Auckland Airport was busier than Singapore's Changi and Hong Kong Airport in June as domestic flights in this country bounced back more quickly than expected.

Auckland was also busier than the big Australian airports and was zeroing in on London Heathrow, according to figures released today.

In June Auckland Airport had 231,600 travellers through its international and domestic terminals, a fraction of the 1.5 million last year but still ahead of other big Australian and Asian hubs.

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In June, Brisbane Airport had 184,616 passengers, 20 per cent lower than Auckland Airport, while Sydney had 172,000 passengers, 25 per cent lower.

Singapore last year handled an average of 5.5 million passengers a month but had just 48,200 in June (79 per cent lower than Auckland) and Hong Kong which in 2019 had 6 million a month and had 59,000 in June - 74 per cent lower.

Auckland's June numbers were just 28 per cent behind Heathrow where there were 320,283 passengers for the month.

But Covid-19 border and flying restrictions meant about 745 international passengers arrived and departed from Auckland Airport daily - just 3 per cent of last June's volume.

On average three international flights arrived a day, compared with around 70 international flights a day in June last year.

Of the total number of international passengers in June (22,371), around 9000 were Kiwis coming home. About half of these passengers came from across the Tasman.

• India was the second largest source of arrivals with 1500 passengers coming in on dedicated Air India repatriation flights which operated in June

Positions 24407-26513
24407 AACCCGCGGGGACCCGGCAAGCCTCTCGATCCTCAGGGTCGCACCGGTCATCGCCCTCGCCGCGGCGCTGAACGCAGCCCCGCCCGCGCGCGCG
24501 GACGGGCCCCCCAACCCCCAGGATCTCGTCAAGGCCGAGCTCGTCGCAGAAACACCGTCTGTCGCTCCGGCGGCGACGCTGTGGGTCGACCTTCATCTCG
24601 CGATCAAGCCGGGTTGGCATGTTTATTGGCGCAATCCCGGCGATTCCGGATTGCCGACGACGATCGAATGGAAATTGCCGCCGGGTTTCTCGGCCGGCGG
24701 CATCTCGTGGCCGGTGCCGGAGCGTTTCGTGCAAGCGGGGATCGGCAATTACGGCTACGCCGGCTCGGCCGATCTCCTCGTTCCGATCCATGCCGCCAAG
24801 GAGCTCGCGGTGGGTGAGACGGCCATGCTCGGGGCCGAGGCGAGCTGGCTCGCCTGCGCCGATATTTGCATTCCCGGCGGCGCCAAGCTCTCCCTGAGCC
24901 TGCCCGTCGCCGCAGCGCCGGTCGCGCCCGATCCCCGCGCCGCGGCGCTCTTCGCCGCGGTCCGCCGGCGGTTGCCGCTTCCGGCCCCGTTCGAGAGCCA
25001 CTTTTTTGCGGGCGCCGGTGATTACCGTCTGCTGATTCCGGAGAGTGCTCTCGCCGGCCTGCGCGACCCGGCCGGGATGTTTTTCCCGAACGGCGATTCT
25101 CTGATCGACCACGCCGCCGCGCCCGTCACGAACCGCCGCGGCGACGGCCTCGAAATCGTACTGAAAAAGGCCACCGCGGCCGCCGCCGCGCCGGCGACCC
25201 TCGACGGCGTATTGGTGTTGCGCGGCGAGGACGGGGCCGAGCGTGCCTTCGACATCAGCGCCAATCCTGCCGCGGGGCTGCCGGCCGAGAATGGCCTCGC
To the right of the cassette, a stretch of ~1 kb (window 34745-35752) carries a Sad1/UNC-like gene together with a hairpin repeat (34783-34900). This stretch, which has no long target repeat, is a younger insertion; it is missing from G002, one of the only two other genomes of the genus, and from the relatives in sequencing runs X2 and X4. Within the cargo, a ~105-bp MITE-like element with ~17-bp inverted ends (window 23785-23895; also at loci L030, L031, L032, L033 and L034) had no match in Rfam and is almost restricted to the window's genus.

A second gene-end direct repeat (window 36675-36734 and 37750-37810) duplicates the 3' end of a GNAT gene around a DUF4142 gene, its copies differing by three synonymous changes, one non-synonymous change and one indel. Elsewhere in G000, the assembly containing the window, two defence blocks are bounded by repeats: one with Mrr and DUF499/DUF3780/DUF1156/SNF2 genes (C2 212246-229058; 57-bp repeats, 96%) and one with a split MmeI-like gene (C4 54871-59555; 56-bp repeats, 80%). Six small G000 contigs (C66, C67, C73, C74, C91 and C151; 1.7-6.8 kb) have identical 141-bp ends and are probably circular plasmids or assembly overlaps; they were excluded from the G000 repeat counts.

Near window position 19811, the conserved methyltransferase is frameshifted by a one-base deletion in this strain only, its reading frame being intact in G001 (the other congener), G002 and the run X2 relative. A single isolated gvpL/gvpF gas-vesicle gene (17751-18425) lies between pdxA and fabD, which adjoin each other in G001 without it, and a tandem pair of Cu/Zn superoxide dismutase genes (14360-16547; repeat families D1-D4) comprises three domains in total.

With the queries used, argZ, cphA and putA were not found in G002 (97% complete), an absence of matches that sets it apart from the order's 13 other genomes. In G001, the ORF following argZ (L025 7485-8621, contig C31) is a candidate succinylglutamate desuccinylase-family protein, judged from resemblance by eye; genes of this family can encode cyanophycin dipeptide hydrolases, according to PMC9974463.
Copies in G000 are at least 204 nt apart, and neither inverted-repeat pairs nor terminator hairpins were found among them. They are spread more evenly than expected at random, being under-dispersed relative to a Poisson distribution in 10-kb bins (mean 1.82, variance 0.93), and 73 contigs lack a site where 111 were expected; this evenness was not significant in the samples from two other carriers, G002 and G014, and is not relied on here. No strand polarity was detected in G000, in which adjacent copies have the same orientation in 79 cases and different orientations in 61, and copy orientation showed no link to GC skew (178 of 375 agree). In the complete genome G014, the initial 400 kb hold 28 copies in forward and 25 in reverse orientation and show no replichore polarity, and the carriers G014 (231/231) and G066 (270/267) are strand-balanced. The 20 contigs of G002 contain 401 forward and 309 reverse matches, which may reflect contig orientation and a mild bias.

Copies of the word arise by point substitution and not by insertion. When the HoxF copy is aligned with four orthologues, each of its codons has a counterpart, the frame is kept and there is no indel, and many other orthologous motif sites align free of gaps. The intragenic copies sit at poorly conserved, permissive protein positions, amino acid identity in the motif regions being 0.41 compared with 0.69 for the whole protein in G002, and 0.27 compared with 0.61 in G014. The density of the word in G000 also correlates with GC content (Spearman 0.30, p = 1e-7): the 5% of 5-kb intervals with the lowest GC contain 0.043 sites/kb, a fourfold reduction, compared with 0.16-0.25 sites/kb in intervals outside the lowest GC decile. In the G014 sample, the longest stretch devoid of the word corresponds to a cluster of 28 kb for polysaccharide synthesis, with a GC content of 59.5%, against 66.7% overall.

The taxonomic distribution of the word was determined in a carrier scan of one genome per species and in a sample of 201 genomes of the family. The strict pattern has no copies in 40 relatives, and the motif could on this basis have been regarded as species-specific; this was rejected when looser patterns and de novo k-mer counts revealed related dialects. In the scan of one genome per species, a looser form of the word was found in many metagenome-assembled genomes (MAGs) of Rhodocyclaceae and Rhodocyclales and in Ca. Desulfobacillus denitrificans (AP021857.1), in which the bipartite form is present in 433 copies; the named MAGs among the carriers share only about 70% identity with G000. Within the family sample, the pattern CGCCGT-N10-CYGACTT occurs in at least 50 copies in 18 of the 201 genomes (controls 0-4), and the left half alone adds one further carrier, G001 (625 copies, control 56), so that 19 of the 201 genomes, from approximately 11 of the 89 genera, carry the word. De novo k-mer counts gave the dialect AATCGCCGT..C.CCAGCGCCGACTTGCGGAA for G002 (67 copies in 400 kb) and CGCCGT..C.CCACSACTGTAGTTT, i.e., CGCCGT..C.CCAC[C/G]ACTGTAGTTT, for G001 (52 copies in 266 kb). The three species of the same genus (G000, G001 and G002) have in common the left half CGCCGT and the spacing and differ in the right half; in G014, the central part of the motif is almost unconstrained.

• Arrivals from the US and China were next with about 1000 each

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• Eight airlines operated international passenger flights into Auckland in June

Scott Tasker, general manager aeronautical commercial, said well over 100 domestic flights had operated each day from Auckland Airport in June and in July this increased further.

Kiwis were picking up on Tourism New Zealand's message and getting out to see their own country.

''We saw traveller numbers increase again over the July school-holiday period, putting domestic passenger demand at about 60 per cent of what it was during the same time last year. While we're on the right track and it's encouraging to see people returning to travel, we still have a long way to go."

Air New Zealand has said it will maintain its schedule of 70 per cent of last year into August and overnight Jetstar announced it would restore its main trunk network to 90 per cent of what it was.

Of Auckland's 231,600 passengers in June, 89 per cent were flying domestically. Christchurch was the most popular destination with 10 flights daily, followed by Great Barrier Island with seven flights per day. Wellington had around six flights a day in June while Queenstown had three flights per day.

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"Kiwis are fortunate to be able to fly domestically with so few restrictions and they're taking advantage of that," said Tasker.

Changi Airport in Singapore has seen passenger numbers plunge. Photo / Dean Purcell.
Changi Airport in Singapore has seen passenger numbers plunge. Photo / Dean Purcell.

"Businesses and communities from Christchurch to Great Barrier Island rely on air links to stay connected, so it's been great to see the recovery of domestic travel."

He said the international comparison demonstrated the stark reality of the challenges faced by airlines and airports around the world.

"Everyone in the aviation and tourism industry has been significantly affected by Covid-19.''

Close to 30 airlines flew here before the pandemic struck and Tasker said he was confident there would be strong interest in this country when travel returns to normal.

''While we're facing challenges in the short term we know that New Zealand is a very desirable destination for travellers and airlines will continue to want to fly here in future."

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